Russia remains a key weapons supplier to India with $3.5 billion worth of new arms export deals concluded last year and a bright future for bilateral military-technical cooperation.

“The country (India) is one of the main importers of defence products on the global scale, and Russia continues to be one of its key suppliers,” said Viktor Komardin, Deputy General Director of Rosoboronexport, ahead of his visit to the Aero India 2013, international aerospace show in Bangalore.

At present, Russian weapons account for about 70 per cent of all military hardware in service with the Indian Armed Forces.

Komardin, who heads the Russian delegation to the six-day show starting tomorrow said, “We expect Rosoboronexport to annually ship at least $3 billion worth of weapons and material under the contracts that have already been signed with the Indian state clients.”

Last year alone, Russia concluded more than $3.5 billion worth of new arms export agreements with India, including the purchase of 71 Mi—17B—5 Hip helicopters and the delivery of assembly kits for 42 Su—30MKI Flanker fighters, while the current portfolio of Indian contracts is worth more than $7 billion.

Komardin also discussed future plans of the state arms exporter in India.

“We are talking over plans to upgrade the country’s fleet of Ka—28 antisubmarine helicopters and Su—30MKIs, and to supply a batch of Mi—17V—5 to the Indian Interior Ministry.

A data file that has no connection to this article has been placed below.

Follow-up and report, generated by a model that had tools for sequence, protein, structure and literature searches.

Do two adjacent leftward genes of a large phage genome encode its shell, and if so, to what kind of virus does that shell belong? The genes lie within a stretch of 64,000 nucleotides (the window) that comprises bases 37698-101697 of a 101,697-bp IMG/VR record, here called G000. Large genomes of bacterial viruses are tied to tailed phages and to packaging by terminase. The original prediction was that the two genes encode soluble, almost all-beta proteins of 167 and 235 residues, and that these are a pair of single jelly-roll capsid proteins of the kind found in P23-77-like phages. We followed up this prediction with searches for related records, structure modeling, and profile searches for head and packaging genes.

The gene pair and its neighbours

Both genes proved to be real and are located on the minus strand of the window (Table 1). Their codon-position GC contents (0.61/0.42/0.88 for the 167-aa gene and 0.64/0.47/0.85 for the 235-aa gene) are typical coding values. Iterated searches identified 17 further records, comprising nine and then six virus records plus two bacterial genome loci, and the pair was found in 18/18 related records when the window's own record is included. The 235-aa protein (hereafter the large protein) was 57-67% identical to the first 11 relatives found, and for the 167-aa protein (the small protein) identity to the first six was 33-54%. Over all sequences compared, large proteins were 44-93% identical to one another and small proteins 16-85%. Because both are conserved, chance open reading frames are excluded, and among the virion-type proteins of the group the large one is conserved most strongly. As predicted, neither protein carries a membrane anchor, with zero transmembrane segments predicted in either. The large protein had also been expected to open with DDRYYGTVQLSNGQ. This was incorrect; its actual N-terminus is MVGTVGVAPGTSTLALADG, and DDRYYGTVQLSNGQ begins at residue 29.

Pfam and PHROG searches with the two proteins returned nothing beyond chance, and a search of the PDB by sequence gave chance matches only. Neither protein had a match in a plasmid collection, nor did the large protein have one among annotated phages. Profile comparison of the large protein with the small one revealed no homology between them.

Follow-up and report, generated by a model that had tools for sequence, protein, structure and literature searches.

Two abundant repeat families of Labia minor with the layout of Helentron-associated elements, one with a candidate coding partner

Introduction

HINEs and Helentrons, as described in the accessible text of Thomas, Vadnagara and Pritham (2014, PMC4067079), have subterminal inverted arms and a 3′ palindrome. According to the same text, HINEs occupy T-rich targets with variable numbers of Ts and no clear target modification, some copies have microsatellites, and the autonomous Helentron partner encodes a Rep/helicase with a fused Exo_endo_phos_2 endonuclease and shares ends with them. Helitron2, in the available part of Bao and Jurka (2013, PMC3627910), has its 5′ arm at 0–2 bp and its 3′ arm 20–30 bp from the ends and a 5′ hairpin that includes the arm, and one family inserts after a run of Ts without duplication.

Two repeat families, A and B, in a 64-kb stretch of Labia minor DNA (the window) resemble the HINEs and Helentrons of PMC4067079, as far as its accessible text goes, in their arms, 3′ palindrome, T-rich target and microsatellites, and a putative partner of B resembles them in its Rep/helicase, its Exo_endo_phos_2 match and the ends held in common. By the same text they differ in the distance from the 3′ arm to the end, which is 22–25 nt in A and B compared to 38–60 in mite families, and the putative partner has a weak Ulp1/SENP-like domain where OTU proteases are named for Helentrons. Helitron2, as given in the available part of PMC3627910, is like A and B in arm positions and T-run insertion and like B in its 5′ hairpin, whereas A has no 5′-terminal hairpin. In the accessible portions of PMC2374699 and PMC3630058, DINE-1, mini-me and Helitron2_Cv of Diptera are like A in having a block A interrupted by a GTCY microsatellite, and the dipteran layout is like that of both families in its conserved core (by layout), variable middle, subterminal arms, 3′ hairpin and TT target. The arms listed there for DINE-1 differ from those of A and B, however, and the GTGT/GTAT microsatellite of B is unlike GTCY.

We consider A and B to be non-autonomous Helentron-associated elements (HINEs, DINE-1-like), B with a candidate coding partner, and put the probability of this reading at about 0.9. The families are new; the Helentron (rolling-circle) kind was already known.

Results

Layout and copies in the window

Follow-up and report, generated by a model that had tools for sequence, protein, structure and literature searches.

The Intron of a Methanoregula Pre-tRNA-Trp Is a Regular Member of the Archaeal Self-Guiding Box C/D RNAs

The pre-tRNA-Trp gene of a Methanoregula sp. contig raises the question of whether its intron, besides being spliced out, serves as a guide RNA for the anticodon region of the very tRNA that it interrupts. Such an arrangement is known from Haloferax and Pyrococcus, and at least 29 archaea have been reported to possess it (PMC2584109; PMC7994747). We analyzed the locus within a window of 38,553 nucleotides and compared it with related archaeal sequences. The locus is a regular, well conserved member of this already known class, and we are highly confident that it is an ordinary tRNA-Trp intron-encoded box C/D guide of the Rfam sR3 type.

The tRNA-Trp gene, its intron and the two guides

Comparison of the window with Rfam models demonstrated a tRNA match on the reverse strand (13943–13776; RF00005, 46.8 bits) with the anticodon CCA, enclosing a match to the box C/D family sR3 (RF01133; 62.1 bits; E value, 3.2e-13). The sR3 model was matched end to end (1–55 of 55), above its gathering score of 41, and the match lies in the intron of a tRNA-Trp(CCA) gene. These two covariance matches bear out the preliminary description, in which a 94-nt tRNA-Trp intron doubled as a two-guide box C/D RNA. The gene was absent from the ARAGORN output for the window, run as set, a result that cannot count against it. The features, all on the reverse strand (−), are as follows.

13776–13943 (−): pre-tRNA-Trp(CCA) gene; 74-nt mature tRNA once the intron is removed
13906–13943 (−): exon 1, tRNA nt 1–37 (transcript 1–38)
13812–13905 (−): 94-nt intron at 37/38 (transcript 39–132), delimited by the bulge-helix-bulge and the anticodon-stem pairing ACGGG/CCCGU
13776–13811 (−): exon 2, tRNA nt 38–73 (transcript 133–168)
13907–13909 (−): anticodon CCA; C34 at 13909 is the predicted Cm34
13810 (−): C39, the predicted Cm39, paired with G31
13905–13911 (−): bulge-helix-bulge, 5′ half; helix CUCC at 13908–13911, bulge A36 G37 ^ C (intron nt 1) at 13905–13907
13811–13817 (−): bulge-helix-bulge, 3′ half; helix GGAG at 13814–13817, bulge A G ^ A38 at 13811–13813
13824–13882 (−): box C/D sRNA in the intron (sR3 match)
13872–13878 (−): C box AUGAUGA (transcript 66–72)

There are some other promising projects, too, and not just in aviation,” he was quoted by RIA Novosti as saying.

The Aero India 2013 in Bangalore from February 6—11 will most likely see Russia making another attempt to promote its aircraft, including the Be—200 amphibious plane, in the Indian market.

However, Komardin pointed to growing competition in the field of arms import, with the Russians losing out on two key deals last year, the contract to supply 22 helicopters to India where the US AH—64D Apache won and the approximately $10 billion deal to replace the ageing MiG-21s by the Indian Air Force, where France’s Dassault Rafale raced ahead.

Accepting that such competition as natural, Komardin said, “I would like to emphasise that we have abandoned the practise of simple selling, seeking more of joint programmes to produce defence equipment, including for third parties. This gives us a chance to keep slightly ahead of our key rivals“.

An example of such cooperation is the development of the Russian—Indian Multi—Role Military Transport Aircraft (MTA), which is expected to fly for the first time in 2017 and enter production both in Russia and India in 2019.

An agreement to set up a joint venture to develop and produce the plane was signed between India’s Hindustan Aeronautics Ltd (HAL) and Russia’s United Aircraft Corporation (UAC) in New Delhi in September 2010.

(This article was published on February 5, 2013)
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